these heaps was placed a large dish of boiled black French beans (Feijaens), with a large piece of fat pork (Toucinho) in
the midst of them; while on the other was laid a dish of stewed fowl.
We had also roast pork and blood sausages. From these dishes and heaps
every one helped himself. As a vegetable we had a dish of cabbage-palm (Euterpe edulis), which
is very tender and delicious, tasting not unlike asparagus. During
dinner we were each furnished with a cup of Lisbon wine; and after it
we had various kinds of sweetmeats. Besides ourselves, there were only
our host and two of his sons. Indeed, his wife and daughters I did not
see till I had been several times at the house. The two girls were
rather pretty, but they could neither read nor write. The father would
not allow them to learn either, from fear that they would take to the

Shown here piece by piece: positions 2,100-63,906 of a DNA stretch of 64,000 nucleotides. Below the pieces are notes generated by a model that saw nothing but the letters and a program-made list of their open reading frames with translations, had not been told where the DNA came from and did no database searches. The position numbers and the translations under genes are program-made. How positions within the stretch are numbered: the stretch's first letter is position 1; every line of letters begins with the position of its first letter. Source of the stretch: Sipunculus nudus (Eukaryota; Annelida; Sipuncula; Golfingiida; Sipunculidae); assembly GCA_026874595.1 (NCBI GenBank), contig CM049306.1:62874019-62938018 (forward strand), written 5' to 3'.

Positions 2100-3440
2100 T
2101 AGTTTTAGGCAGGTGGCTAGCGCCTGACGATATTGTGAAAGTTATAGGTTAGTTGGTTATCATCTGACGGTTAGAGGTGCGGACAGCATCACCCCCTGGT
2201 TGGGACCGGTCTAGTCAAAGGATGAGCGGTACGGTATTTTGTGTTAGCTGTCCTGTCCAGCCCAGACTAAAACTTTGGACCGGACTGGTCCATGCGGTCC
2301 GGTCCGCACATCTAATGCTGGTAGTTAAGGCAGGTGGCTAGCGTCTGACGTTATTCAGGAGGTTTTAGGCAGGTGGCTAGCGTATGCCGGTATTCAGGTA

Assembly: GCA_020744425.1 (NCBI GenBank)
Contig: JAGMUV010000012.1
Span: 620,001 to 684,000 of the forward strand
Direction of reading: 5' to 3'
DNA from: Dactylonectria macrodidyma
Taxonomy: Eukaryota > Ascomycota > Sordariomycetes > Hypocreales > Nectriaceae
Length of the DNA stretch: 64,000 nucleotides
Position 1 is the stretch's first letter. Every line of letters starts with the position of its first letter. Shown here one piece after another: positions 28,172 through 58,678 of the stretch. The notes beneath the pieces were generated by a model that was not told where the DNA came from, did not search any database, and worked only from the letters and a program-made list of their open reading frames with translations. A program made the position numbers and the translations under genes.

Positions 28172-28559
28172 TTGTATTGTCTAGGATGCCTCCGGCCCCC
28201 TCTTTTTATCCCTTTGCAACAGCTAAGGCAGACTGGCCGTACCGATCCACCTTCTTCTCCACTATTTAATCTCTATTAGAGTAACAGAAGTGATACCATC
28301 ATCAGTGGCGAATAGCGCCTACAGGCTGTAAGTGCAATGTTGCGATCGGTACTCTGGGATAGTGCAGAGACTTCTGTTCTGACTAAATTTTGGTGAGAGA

reading of novels, and the writing of love-letters. He was himself a
most inveterate huntsman, being almost always in the woods in pursuit
of game. He was a capital shot, and had killed more tapirs with his own
hand than any one in the vicinity.
also visited occasionally a coffee plantation called Constantia, about
fifteen miles distant from Mr. March's, belonging to M. De Luze, a
Swiss, who had been many years in the country. It is situated in a flat
valley surrounded by sloping hills, and is one of the most lovely spots
I have ever seen. In the neighbourhood of it there are two other coffee
plantations belonging to Germans, but they have all ascertained that
the elevation is too great for the successful cultivation of coffee.
Since then M. De Luze has sold his estate to Mr. March, and bought a
larger one, in a fine coffee country on the banks of the Rio Parahiba.
In the latitude of Rio, coffee does not succeed at a much greater
elevation than 2,000 feet. At Mr. March's the bush grows well, but it
never ripens its fruit properly.
most distant journey I made, was to an estate about twenty miles north
of Mr. March's Fazenda. About the middle of April, Mr. Heath received a
note from the lady to whom it belongs, Dona Rita Thereza da Roza,
asking him as a great favour to ride over and take me along with him to
see her little daughter, who a few days before had been attacked with
apoplexy and paralysis.